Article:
For Egyptian Women, a Simple ID Can Provide Basic Rights
Written by Tarek Amr
According to figures coming from the Egyptian Ministry of Interior, as many as 4 million women in the country do not have national identity cards. A woman without a national ID is not able to own land, she cannot buy or sell assets and she cannot even inherit from her deceased family members.
The lack of IDs also prevent women the access to various of public services, including education, healthcare, the right to vote and other basic social rights. And that’s why a new campaign has been launched aiming to provide all women with national ID cards.
The campaign is called “Your ID, Your Rights” and their goal is to issue IDs to 2 million Egyptian women for free. It will start with a pilot for three months.
According to the campaign’s Facebook page [ar]:
The pilot will be for three months, starting from March, and it will take place in the Qaliobeya governorate, which has 14 districts, and the target of the pilot period are 40,000 women with no ID cards. The following districts have been chosen in the Qaliobeya for the pilot period: Benha, Qalioub, Shebin El Kanater and El-Kanater El-Khayreya districts.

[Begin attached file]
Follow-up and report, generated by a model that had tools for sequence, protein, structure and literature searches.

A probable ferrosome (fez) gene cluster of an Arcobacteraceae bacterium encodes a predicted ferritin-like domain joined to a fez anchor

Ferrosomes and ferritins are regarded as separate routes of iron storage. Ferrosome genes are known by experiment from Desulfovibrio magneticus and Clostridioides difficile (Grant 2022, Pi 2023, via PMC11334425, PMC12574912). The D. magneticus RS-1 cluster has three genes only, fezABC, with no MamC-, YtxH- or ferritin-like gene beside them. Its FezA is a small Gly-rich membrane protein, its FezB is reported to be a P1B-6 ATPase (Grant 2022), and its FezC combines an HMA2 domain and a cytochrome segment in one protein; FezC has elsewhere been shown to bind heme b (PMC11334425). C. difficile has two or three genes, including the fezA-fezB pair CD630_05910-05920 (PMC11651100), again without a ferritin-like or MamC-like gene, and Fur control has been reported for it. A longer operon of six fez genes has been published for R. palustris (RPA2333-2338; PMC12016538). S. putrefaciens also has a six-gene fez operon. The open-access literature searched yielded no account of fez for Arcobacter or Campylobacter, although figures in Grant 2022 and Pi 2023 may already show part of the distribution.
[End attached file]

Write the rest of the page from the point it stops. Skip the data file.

This isn’t the first campaign of try to achieve the same goal, however this one is supported by various NGOs, including UN Women (United Nations Entity for Gender Equality and the Empowerment of Women), UNDP (United Nations Development Program), MSAD (Ministry of State for Administrative Development), SFD (Social Fund for Development), MoFA (Ministry of Foreign Affairs), and others.
The campaign organisers are also making use of social media to spread awareness about the project. They have launched accounts on Twitter and Facebook to raise awareness about the campaign as well as gender inequality issues in the country.
On Twitter, they announced:
@Million_ID: Egypt is ranked number 120 among 128 countries when it comes to gender inequality.
Finally, they want people to help them raise awareness about the campaign by sharing and retweeting their posts on Facebook and Twitter.
And here’s how they frame their appeal to netizens:
@Million_ID: The goal of our presence online is not the reach the women in villages, but to raise awareness about the campaign among middle and upper class.
This post was originally published by Global Voices.
Photo from Nasser Nouri via flickr